In our work, we have prepared an array of gallium zinc oxynitrides (GaxZn1-xOyN1-y) as a model system using a combustion synthesis method and demonstrate that gallium zinc oxynitrides can be synthesized in 30 minutes at 500 oC using this method. X-ray diffraction (XRD), UV-visible spectroscopy, scanning electron microscopy (SEM), and X-ray photoelectron spectroscopy (XPS) are used to characterize the physical properties of the as-synthesized materials. XPS analysis reveals that as much as 50% nitrogen substitution in the metal oxide lattice can be achieved, dependent on the ratio of gallium and zinc nitrates used as precursors. XPS also reveals that the nitrogen valency is that of a nitride material, as would be expected for a substitution into the crystal lattice. Relative atomic concentrations from XPS also reveals that the complex formed is essentially GaN:ZnO. UV-visible spectroscopy reveals that the band gap of the GaxZn1-xOyN1-ymaterials can be controlled simply by altering the precursor ratio. X-ray diffraction measurements reveal shifts in the crystalline peaks from ZnO toward GaN, confirming the incorporation of nitrogen into the lattice. The as-synthesized products are capable of generating photocurrent from visible light irradiation and are able to carry out water splitting in pure water without any co-catalysts, such as Pt, IrO2, or Rh/Cr2O3.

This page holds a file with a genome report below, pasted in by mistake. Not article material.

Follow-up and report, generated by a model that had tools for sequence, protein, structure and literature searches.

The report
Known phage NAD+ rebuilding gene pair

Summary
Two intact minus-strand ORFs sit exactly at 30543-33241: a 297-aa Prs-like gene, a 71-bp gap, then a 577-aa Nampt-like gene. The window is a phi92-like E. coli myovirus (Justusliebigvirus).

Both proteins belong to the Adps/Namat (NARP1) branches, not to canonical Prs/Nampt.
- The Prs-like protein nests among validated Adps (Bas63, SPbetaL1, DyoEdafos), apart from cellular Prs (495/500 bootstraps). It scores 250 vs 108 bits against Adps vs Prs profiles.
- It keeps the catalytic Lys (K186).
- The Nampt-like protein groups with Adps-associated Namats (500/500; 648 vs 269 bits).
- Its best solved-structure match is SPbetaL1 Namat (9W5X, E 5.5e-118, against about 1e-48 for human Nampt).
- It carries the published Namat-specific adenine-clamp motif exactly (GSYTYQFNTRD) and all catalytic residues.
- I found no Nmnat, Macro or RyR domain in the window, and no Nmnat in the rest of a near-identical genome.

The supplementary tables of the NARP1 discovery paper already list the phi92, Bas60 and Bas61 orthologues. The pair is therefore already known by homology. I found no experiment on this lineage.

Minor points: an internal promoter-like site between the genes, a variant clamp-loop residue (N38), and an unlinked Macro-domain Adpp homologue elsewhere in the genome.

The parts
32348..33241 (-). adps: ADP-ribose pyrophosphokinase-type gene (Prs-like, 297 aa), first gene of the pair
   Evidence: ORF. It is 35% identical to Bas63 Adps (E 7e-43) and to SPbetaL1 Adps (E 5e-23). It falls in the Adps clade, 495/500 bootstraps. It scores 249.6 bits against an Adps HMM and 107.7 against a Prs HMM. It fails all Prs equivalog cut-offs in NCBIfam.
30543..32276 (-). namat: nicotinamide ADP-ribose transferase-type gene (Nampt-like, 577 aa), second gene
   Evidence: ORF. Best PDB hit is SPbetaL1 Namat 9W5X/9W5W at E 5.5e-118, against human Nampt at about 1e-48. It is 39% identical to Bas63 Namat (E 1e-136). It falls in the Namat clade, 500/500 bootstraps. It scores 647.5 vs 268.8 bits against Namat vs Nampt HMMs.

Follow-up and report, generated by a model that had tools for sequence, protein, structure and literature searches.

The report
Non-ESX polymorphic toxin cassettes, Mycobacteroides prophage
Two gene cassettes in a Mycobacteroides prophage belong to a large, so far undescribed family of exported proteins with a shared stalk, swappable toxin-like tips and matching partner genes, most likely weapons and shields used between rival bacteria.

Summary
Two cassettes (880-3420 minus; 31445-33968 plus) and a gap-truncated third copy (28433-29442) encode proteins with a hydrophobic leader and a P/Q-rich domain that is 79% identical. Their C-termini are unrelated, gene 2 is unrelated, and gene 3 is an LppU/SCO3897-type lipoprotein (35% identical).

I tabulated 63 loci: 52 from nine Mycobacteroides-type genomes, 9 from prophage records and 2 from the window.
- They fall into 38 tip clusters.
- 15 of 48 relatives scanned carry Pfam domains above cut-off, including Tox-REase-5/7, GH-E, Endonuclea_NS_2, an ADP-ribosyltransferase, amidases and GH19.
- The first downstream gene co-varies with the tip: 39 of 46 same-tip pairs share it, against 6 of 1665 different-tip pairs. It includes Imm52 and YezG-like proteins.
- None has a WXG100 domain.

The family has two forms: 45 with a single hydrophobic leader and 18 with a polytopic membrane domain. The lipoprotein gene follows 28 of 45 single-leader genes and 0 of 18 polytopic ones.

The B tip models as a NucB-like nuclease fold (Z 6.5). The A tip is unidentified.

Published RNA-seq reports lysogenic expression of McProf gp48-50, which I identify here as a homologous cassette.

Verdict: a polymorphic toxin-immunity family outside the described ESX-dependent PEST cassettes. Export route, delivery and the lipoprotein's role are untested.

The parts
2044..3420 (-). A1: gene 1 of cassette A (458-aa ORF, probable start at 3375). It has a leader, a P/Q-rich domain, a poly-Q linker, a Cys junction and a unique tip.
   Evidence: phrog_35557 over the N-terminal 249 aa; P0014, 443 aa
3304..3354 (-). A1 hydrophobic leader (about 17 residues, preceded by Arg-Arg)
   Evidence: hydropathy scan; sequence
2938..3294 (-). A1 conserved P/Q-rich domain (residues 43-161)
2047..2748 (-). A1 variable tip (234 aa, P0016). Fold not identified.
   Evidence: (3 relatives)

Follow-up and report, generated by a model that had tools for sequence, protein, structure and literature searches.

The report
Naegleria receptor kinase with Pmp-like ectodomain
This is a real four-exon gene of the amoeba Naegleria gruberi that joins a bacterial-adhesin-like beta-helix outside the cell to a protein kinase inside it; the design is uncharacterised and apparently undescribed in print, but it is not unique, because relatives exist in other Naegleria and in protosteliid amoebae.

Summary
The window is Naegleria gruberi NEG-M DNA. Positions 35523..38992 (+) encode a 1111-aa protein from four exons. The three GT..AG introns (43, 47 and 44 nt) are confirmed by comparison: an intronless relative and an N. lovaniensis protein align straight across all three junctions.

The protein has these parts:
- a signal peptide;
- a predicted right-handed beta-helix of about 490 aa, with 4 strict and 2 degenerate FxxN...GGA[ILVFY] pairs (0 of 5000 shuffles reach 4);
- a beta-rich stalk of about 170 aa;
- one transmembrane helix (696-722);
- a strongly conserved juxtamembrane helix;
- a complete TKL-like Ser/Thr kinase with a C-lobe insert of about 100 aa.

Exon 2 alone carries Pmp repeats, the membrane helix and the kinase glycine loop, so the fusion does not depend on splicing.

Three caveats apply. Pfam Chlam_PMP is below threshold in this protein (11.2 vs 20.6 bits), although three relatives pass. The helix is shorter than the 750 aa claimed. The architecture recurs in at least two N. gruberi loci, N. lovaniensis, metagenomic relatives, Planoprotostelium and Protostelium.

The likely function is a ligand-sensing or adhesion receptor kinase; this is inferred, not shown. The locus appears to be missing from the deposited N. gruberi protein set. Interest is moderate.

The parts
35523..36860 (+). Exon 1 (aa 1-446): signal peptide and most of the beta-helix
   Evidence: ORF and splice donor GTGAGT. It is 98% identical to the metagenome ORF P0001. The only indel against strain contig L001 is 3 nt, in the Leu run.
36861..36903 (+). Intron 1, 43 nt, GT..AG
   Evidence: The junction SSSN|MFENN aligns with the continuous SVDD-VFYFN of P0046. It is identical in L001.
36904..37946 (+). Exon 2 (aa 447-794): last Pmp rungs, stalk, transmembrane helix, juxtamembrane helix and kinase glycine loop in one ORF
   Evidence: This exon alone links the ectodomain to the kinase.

Finally, we discuss how to take the results gained from this work and expound upon it to begin the search for new candidate oxynitride materials, including potential high-throughput methods for rapid screening of such candidates. We also discuss the apparent conditions necessary for successful formation of an oxynitride material based on initial experiments with new candidates.